The couple wanted the ceremony décor to be simple and natural, so they started with Black African sorghum from their heirloom farm, which gave an architectural element to the design, then added cardoon leaves, hydrangea, and zinnias for texture and color. Squash finished the look.
Sips First, Vows Second
Dylan and Nathan decided to throw their cocktail hour before the ceremony so that guests could mingle and have a few bites. Two sparkling wines and beer were on offer, and an appetizer table displayed herb gougeres, heirloom tomato skewers with mozzarella, and melon wrapped in prosciutto.
Each of the grooms' parents walked them down the aisle. To decide who would go first, they flipped a coin. (Nathan won.)
We Are Family
During the ceremony, the couples' parents surrounded them to give them a blessing. "Our parents love and accept us for who we are and warmly embrace our love for each other," Nathan says.
Hug It Out
The pair gave their minister free rein over the ceremony, but they did have one request: to recite the seven vows of marriage in the Hindu tradition. After they were pronounced husbands for life, they kissed—and gave each other a huge hug.
Dylan and Nathan shared happy tears while they walked back up the aisle to the Newlywed Game theme song.
Into the Greenhouse
The ensuing celebration unfolded inside a greenhouse on the property.
Other than a naturally-dyed table runner from The Lesser Bear, candle sticks, and some bud vases, most of the florals—a mix of smilax vine, hydrangea, dahlias, zinnias, amaranth, and dogwood branches—hung overhead to leave room on tables for wine bottles and food.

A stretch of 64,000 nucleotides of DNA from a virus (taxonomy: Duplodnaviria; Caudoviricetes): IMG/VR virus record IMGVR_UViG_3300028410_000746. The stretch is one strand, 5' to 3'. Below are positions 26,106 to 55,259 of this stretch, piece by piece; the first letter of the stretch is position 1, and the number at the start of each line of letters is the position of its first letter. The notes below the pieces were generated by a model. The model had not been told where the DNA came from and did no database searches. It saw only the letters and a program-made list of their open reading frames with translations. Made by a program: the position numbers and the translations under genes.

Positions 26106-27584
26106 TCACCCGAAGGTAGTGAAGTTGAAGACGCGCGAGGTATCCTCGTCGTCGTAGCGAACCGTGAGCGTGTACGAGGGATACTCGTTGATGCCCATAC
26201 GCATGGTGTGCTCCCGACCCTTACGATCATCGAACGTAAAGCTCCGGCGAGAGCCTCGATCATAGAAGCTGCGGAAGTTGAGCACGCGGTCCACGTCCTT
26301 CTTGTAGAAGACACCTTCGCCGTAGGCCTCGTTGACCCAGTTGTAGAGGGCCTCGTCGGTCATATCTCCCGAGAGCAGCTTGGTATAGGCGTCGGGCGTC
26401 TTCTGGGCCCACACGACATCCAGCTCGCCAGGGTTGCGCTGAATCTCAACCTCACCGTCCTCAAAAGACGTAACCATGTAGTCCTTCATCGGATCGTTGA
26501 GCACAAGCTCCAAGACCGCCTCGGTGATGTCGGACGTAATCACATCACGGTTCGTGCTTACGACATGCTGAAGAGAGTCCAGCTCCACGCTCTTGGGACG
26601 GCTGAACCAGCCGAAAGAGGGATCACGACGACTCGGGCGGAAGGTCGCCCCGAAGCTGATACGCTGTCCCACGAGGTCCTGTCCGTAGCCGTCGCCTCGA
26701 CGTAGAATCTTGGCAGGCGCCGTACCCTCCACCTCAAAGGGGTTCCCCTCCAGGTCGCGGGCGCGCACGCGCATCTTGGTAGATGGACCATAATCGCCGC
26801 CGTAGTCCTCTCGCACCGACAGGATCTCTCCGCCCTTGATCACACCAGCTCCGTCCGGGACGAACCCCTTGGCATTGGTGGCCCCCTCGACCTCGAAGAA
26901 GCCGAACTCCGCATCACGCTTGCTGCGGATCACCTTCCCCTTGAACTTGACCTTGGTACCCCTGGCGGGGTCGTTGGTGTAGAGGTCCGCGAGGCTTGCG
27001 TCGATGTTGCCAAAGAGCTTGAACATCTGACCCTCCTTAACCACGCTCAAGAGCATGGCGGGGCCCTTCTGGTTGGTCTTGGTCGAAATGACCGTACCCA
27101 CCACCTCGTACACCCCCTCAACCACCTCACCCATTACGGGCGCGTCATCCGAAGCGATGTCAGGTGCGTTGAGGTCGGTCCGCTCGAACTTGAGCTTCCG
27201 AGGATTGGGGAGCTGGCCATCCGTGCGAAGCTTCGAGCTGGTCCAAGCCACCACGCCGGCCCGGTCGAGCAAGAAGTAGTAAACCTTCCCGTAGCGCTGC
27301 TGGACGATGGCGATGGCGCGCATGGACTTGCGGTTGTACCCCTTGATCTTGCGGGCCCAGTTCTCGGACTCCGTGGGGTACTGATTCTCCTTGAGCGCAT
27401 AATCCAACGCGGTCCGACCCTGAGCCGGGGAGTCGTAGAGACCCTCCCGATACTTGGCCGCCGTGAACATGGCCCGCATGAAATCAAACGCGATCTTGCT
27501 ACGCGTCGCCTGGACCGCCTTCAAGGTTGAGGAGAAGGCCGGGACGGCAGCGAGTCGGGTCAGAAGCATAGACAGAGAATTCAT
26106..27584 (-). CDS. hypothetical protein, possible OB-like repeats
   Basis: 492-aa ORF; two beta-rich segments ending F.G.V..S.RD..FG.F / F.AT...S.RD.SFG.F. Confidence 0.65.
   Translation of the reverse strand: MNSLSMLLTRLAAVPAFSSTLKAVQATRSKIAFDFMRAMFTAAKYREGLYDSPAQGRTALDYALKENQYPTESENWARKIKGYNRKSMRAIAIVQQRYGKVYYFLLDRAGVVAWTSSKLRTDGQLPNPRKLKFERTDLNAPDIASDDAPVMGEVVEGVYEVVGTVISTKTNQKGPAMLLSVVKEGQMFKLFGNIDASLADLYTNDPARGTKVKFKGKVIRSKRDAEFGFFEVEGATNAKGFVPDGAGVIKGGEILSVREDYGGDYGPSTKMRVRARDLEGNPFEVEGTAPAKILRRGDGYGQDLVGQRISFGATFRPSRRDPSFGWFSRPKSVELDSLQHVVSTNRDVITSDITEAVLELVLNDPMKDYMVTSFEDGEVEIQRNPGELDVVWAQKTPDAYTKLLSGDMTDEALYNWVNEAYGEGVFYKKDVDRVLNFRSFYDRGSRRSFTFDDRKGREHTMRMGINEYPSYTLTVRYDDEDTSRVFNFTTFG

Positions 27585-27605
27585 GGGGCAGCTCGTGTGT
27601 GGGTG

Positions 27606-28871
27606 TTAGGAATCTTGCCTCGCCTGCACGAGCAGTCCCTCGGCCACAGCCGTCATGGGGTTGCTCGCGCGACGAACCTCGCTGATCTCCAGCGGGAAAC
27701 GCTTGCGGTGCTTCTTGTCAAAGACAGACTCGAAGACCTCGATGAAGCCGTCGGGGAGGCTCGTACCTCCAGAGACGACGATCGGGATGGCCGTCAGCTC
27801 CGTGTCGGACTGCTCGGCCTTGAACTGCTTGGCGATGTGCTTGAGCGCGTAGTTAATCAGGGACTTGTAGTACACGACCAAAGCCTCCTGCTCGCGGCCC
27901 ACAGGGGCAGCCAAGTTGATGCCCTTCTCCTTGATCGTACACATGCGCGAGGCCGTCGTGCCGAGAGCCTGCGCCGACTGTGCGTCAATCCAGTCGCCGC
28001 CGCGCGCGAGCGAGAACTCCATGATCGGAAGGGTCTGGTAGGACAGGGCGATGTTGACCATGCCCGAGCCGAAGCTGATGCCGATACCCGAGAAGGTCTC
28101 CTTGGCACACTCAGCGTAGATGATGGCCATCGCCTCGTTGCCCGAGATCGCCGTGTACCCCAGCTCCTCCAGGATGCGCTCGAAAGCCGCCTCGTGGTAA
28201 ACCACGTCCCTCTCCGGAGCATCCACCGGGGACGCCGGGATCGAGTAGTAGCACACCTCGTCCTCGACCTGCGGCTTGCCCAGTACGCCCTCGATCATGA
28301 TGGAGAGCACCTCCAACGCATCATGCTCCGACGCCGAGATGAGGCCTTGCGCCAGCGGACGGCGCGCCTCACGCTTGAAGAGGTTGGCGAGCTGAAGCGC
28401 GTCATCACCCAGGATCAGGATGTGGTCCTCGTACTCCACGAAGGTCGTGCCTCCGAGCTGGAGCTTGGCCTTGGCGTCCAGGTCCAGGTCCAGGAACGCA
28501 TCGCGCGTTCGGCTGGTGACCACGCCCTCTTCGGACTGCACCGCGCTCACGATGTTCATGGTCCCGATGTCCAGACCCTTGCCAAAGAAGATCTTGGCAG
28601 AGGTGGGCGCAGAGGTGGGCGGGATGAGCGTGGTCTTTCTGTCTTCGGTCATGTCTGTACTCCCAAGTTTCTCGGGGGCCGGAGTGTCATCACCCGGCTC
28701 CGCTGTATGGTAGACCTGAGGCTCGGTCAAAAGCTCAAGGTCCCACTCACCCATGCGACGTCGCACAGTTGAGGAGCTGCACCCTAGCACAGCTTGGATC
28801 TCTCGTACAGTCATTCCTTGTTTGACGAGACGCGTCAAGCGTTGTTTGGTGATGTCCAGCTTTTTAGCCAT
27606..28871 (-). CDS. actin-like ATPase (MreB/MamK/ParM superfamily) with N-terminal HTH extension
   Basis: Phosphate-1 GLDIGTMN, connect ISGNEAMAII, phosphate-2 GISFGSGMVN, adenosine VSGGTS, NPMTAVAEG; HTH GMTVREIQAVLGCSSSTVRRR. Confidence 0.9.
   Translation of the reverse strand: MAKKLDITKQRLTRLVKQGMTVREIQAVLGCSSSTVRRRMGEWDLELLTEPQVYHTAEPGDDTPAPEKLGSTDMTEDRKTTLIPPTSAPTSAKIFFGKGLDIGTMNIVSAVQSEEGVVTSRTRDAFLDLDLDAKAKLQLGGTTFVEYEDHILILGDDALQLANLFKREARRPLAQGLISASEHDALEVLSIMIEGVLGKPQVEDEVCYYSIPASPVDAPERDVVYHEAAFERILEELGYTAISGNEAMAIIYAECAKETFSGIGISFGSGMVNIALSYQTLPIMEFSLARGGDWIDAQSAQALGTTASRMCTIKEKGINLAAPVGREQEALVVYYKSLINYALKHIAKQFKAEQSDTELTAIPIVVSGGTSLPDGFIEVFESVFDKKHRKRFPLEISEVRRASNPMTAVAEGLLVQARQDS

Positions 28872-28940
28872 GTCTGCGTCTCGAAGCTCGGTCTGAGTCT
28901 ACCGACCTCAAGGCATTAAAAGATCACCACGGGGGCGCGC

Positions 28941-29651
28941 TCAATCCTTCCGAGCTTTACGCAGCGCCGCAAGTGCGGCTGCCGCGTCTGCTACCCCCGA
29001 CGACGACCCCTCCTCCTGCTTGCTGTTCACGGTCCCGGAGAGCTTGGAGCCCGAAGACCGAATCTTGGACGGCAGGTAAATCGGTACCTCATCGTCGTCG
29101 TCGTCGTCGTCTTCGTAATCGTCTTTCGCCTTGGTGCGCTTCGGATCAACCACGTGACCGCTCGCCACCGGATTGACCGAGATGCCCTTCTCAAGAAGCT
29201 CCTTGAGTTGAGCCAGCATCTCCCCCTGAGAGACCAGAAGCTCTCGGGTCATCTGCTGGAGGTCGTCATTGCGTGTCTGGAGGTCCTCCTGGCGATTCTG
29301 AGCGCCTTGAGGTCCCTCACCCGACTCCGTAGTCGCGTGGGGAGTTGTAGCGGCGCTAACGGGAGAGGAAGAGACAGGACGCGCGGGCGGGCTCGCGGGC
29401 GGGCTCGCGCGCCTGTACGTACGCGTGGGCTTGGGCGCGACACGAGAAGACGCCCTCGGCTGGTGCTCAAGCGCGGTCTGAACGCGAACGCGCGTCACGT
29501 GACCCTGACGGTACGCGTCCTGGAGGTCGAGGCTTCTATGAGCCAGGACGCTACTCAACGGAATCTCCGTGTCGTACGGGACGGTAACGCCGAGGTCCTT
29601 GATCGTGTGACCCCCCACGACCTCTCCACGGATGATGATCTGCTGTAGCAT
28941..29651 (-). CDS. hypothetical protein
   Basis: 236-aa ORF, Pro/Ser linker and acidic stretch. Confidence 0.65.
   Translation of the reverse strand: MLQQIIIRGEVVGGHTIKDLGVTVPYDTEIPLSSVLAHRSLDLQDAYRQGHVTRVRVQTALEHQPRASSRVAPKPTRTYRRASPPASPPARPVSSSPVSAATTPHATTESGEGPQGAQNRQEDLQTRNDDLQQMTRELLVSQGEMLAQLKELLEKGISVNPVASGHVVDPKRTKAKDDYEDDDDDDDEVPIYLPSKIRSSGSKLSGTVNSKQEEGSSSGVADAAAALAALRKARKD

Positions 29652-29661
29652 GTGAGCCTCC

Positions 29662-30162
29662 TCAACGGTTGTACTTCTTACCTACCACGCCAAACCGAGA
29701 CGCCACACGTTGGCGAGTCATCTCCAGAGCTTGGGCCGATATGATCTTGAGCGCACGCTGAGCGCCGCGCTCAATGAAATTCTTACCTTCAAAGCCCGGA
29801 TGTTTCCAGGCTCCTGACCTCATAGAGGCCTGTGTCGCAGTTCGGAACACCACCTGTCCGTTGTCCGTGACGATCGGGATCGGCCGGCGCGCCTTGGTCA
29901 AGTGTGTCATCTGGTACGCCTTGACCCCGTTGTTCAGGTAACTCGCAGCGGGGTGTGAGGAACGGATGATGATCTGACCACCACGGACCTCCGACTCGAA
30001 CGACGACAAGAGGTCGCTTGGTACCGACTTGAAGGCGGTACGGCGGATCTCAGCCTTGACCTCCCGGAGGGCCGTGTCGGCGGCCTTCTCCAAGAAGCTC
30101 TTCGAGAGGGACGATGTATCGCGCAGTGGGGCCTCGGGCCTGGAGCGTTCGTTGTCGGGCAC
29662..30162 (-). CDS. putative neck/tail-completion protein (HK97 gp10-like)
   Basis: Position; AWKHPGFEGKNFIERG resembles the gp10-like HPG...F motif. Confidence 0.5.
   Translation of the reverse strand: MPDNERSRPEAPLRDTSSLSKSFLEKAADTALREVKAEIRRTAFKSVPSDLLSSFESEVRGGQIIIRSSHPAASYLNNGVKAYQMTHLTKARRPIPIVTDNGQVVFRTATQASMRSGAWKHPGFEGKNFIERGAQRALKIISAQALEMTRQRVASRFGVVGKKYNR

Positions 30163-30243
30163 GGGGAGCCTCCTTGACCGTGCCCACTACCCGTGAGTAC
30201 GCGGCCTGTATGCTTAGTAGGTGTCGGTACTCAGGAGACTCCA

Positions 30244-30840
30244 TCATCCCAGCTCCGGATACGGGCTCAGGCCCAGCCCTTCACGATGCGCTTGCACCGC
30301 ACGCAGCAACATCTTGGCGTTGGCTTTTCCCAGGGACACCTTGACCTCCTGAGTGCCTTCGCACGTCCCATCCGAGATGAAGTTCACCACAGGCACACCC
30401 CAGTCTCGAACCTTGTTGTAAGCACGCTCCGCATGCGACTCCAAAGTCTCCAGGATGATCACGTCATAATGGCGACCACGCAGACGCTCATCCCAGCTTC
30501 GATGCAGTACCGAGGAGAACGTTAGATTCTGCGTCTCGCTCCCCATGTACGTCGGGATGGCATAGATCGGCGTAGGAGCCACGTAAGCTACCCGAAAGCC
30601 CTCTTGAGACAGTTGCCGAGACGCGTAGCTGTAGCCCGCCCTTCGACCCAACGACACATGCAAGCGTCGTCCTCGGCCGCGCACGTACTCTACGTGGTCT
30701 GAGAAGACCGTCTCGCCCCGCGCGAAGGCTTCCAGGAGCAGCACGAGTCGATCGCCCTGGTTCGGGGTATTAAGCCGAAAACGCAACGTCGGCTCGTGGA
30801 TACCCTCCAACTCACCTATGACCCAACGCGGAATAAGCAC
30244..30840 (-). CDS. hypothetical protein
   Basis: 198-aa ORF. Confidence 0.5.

The rustic tables and chairs—comprised of distressed bare wood—contributed to the rustic vibe of the celebration.
The Chill Zone
During the reception, cozy furniture from The Rural Society offered guests a respite from the dance floor.
A Multi-Course Menu
"From the get-go, I wanted to do a traditional coursed Italian-style feast, because I come from an Italian family, and food is super important," Dylan says.
Compliments to the Chef
The couple's chef friends put together a seven-ish course menu that started with antipasti, included a midway sorbetto dish, and ended with coffee and a digestivo bar.
A goat cheese tart with local buckwheat honey and heirloom carrots made the rounds as part of the antipasti course.
Naturally, each dish was paired with wine chosen by the couple, and the lineup included what Dylan calls "one of the greatest German Rieslings ever made."
What a Night
For their first dance, the couple asked their musicians to learn Kylie Minogue's "On a Night Like This."
Instead of traditional wedding cake, the pair opted for a range of tarts and galettes, including a Barlett pear frangipane with brown butter glaze.
Light Up the Sky
At the end of the night, guests shot tiny fireworks into the night sky.
Photography, The Jacksons
Venue, The Rural Society at Warwick Farm
Event Design and Flowers, Old Slate Farm
Catering, Anthony Schulz; Abby Cole; Casey Stoughton (cake)
Officiant, Anthony Taylor
Stationery, Script One Four
Music, Jillian Caudill and Ricky Mitchell
Rentals, Aiden + Grace
Table Napkins, Blooming Grove Apron Co.
Twine, The Lesser Bear